The elderly suffer abuse most often at the hands of those closest to them, including family members and caregivers. Caregivers or people who have a financial stake in the elderly person’s assets may be more likely to commit elder abuse. Elder abuse can take many forms, including physical, emotional, sexual, financial, and neglect.
Elderly Abuse by Family Members
The National Council on Aging (NCOA) states that in 60% of cases of elder abuse or neglect, the guilty party is a member of the elderly person’s family. According to their research, two-thirds of perpetrators are grown-up children or partners. In cases where the abuser is a family member, it can be particularly challenging to address and prevent abuse.
Elder Abuse of the Elderly
It is not unusual for elders to be perpetrators of elder abuse. This is often seen in cases where an elderly person in their 80s relies on an adult child in their 60s for support.
Types of Abuse
Certain types of abuse are more likely to be committed by different types of perpetrators.
- Physical Abuse: The most likely perpetrator is a partner or a spouse.
- Neglect: Adult children are most likely to neglect their elderly parents.
- Financial abuse: Reports show 54% of perpetrators are family members, 31% are care workers, and 13% are partners and spouses.
- Sexual abuse: Unclear, but partners and acquaintances were often the culprits.
Risk Factors of Elder Abuse
According to NCOA, early 50% of elderly people with dementia experience abuse or neglect. In fact, adults with disabilities of any kind are more likely to experience physical abuse.
There are several risk factors for elder abuse, according to the National Center on Elder Abuse (NCEA):
- Poor overall health and physical disability
- Mental health problems and cognitive deficits – this applies to elderly people who suffer from dementia and Alzheimer’s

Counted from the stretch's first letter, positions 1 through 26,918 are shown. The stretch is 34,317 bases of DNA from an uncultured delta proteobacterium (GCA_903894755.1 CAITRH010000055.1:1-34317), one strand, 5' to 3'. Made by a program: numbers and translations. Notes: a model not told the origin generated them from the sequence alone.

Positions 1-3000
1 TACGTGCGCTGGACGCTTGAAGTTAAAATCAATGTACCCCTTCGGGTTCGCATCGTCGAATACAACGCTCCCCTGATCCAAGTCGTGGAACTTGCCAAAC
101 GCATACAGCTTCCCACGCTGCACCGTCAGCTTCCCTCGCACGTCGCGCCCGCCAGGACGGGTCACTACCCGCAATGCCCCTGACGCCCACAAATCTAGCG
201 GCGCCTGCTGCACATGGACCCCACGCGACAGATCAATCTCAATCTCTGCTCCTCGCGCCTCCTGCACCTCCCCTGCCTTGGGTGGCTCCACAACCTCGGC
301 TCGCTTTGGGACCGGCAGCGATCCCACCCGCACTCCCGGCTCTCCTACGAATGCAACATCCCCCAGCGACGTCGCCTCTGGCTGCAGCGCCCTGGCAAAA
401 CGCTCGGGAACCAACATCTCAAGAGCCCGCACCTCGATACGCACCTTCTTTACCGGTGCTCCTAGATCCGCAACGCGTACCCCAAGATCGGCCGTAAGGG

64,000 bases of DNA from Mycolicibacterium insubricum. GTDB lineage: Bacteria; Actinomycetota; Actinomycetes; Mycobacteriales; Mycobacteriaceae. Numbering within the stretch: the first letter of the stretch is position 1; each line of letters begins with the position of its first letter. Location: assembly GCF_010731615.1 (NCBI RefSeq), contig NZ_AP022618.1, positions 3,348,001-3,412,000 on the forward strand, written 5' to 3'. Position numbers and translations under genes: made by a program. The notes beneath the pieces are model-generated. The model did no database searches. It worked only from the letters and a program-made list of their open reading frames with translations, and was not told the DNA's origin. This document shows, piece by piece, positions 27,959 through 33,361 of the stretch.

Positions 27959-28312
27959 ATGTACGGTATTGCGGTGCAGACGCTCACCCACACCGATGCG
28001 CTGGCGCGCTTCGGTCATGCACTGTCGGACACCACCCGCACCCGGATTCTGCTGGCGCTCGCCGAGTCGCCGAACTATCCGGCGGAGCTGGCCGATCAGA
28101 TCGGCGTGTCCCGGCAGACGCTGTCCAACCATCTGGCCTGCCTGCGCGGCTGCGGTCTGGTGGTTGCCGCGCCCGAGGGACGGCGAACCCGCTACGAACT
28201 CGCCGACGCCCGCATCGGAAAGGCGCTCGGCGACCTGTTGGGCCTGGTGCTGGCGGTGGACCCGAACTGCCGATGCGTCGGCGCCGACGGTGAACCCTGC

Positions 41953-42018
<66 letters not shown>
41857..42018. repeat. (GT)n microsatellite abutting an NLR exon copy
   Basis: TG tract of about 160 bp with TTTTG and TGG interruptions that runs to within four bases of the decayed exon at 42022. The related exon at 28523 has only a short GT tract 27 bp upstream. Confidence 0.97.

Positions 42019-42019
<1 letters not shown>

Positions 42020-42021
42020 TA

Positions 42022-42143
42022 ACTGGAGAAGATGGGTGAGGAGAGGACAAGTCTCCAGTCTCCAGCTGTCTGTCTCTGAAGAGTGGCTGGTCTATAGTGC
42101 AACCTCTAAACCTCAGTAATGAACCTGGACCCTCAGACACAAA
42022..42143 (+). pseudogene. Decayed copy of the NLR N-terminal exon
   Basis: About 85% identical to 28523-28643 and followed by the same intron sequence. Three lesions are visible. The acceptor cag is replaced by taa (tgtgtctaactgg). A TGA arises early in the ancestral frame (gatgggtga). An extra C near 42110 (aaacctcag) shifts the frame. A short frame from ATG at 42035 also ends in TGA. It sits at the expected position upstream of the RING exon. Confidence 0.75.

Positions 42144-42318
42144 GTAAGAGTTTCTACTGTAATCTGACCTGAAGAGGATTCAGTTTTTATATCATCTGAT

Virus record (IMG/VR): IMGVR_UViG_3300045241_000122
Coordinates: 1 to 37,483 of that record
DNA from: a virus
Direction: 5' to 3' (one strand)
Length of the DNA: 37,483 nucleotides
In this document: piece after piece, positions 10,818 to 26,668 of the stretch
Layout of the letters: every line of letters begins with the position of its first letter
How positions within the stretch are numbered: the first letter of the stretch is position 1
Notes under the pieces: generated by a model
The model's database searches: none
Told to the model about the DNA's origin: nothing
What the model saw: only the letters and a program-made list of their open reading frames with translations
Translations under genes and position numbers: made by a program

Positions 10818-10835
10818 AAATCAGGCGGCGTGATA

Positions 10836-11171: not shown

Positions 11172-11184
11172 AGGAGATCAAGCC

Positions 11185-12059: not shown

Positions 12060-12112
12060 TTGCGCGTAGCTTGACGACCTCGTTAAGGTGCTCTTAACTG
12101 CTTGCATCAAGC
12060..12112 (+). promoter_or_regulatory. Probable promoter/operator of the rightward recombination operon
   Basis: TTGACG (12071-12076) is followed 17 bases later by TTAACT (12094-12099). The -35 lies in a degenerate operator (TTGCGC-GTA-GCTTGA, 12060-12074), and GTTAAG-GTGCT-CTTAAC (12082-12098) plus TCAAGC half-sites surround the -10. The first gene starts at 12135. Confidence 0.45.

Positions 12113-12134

- Financial dependence on a caregiver
- Substance abuse
- Limited social support and social isolation
- Lower socioeconomic status
- Previous exposure to trauma
- Poor relationship with the perpetrator
- Women are more likely to suffer from elder abuse than men
- Reduced access to healthcare
Risk Factors for Committing Elder Abuse
Loved ones should also keep in mind the risk factors for committing elder abuse:
- People who suffer from chronic medical conditions or poor physical health
- Perpetrators are more like to suffer from mental health conditions
- Substance abuse
- High stress and poor coping mechanisms
- History of childhood abuse
The NCEA also has established this profile for perpetrators of elder abuse:
- An average age of 45
- Likely to be unemployed
- Family history of early childhood abuse
- Living with the elderly victim
- Financial dependence on the victim
- Abusers are only slightly more likely to be male
Hospice Care Workers & Mistreatment of the Elderly
Hospice care workers are healthcare professionals who provide care and support to terminally ill patients and their families during the final stages of life. Their primary goal is to ensure the patient’s comfort and dignity and to make their remaining days as pain-free and comfortable as possible.
To prevent elder abuse in hospice care, it is important for nursing homes to have protocols in place to screen potential employees for any history of abuse or neglect. Hospice care workers should also receive thorough training on recognizing and reporting elder abuse, and they should be held accountable for any mistreatment of patients.
If you suspect elder abuse by a hospice care worker, it is crucial to report it immediately to the appropriate authorities, such as the hospice agency’s administrator, local law enforcement, or adult protective services. It is essential to take any allegations of elder abuse seriously and take action to ensure the safety and well-being of hospice patients.
What Should I Do if I Suspect Elder Abuse?
It’s important to note that elder abuse is a serious crime, and if you suspect that someone is being abused, you make a report to the authorities immediately. Call 911 if you believe someone is in immediate physical danger. You can also call your local Adult Protective Services (APS) office to report suspected abuse.